Is it not tempting, but of course somehow speculative too, to see a connection between the uncanny (unheimlich) feeling that remains with the viewer when the true facts and implications of van Eyck’s portrait of Loys Vilein have been understood, or even just sensed – via the technico-artistic tricks with which van Eyck manages to instil that feeling, naturally – and the motto of the Bruges Chamber of Rhetoric: Mijn werc es hemelic (“My work is hidden/heavenly”), a motto that plays on the double meaning of heavenly and secret or hidden? The word hemelic is fascinating to say the least because it has an inner crack akin to the characteristics of a parallax or an anamorphosis, in which the heavenly and the covert oscillate endlessly without giving a fixed position to the subject. Perhaps here we come across another of the trickster techniques used and shared by artists in 15th century Bruges. The inner splitting of the image, the ambiguity, ambivalence and continuous oscillation from the subject’s point of view are central here.
Finally, I outline below some of the questions and concerns raised by the identification of the sitter in the van Eyck painting as Loys Vilein, and especially by the new interpretation of Tymotheos/Sodomyt in connection with the execution of the sitter in Bruges in 1432.
26 My hypothesis is that, for van Eyck, sodomy (i.e. sexuality in the Freudian sense, which is essentially structured by something that escapes reproductive functionality – or, sex as a problem, a gap) and art are related; Van Eyck’s views on art being the same as his views on sexuality. This is a subject I explore in my analysis of the Arnolfini double portrait, which I consider to be van Eyck’s conceptual magnum opus, giving shape to his total vision. The tension between natural and unnatural (re)production is fundamental here. For more on this subject, see: A. Zupančič, What is Sex, Cambridge Massachussets, 2017.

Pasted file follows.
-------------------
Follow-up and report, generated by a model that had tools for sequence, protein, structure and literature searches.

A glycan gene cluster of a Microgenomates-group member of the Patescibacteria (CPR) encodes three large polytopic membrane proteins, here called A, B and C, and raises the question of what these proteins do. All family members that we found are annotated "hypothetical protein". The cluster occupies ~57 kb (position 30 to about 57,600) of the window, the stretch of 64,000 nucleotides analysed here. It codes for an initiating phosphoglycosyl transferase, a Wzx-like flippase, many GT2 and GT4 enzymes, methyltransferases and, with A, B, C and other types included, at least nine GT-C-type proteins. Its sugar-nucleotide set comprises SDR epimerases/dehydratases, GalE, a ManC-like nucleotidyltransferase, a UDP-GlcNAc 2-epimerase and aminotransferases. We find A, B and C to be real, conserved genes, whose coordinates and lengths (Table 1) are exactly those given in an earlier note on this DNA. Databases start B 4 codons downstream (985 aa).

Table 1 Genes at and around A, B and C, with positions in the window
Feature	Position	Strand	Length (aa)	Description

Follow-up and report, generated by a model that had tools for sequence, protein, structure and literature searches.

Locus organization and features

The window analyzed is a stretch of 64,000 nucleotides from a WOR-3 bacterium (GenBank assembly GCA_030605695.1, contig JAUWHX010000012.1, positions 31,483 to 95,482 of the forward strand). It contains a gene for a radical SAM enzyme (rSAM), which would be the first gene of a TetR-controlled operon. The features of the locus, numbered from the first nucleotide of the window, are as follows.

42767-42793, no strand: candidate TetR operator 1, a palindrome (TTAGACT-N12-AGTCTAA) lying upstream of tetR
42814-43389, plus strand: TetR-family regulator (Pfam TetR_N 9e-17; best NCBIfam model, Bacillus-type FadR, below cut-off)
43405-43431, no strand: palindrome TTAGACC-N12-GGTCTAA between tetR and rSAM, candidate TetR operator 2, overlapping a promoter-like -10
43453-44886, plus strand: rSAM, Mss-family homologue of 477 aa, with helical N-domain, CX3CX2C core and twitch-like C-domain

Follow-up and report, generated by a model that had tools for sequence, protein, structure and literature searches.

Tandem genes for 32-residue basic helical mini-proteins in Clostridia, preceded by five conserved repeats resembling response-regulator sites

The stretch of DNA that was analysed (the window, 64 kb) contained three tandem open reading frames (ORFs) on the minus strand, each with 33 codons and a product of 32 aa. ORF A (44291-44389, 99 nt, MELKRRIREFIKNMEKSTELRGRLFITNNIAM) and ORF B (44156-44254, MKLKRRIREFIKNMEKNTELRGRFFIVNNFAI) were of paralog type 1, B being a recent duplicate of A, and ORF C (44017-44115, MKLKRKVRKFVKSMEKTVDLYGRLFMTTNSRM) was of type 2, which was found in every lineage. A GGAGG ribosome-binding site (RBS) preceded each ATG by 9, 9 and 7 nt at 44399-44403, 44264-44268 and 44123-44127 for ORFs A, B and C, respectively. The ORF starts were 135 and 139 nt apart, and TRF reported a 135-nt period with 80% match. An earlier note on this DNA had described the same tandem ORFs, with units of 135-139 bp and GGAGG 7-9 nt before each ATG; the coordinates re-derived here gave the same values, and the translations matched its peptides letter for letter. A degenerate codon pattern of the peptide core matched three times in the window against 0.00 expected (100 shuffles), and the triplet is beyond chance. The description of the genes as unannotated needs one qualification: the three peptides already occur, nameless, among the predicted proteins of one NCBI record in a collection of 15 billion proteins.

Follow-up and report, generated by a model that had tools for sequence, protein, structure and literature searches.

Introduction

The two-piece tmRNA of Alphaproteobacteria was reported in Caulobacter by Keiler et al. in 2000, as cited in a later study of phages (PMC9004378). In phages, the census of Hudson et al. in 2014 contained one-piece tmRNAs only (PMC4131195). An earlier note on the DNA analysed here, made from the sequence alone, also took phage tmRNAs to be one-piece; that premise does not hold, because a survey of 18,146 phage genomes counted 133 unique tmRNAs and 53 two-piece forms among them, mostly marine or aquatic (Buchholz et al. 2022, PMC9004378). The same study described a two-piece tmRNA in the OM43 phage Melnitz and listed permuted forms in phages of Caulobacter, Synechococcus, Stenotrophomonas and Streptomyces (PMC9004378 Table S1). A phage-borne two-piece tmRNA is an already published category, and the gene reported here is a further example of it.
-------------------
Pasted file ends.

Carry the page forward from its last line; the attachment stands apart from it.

The first and most important question concerns the role and meaning of sexuality in van Eyck’s paintings.27
As I have demonstrated elsewhere, van Eyck more or less cryptically thematizes sodomy in at least four or five other paintings: Portrait of a Man in a Red Turban(Self-Portrait?) and the Arnolfini Portrait, both at the National Gallery in London; The Madonna at theFountain at Antwerp’s KMSKA, and (perhaps unexpectedly) the Ghent Altarpiece, at St Bavo’s Cathedral, Ghent.28
There is a strong suspicion that another lost painting by van Eyck from 1440 also depicted sodomy, whether or not in an encrypted manner. Marcantonio Michiel saw the work around 1520 in the Casa Lampagnano in Milan. It depicted a banker with his client and must have been the inspiration for A Goldsmith in His Shop, by Petrus Christus, a painting that, according to Diane Wolfthal, condemns sodomy.29
The influence of this lost van Eyck can be traced well into the 16th century through the Banker of the 16th Century with HisWifeby Quinten Metsys, and the different versions of The Money Changers by Marinus van Reymerswaele, with their sexually perverse undertones. In the light of our new findings about van Eyck’s National Gallery portrait, in which the sitter is cryptically referred to as a sodomite, but in which there is otherwise no indication that the painter might have shared the official view of sodomy as a crime and mortal sin, it might be necessary to revisit Petrus Christus’s 1449 A Goldsmith, which, according to Wolfthal, rejects problematic homosexuality and affirms virtuous, procreative heterosexuality. First of all, it seems far from certain to me that the painting represents this all too simple dualistic view of sexuality. While I agree with Wolfthal that the work is absolutely about sex, in its permitted and forbidden versions, it is primarily a representation of a dilemma, of some kind of unsolvable problem that interweaves and connects questions about desire, procreation, reproduction, marriage and the economy.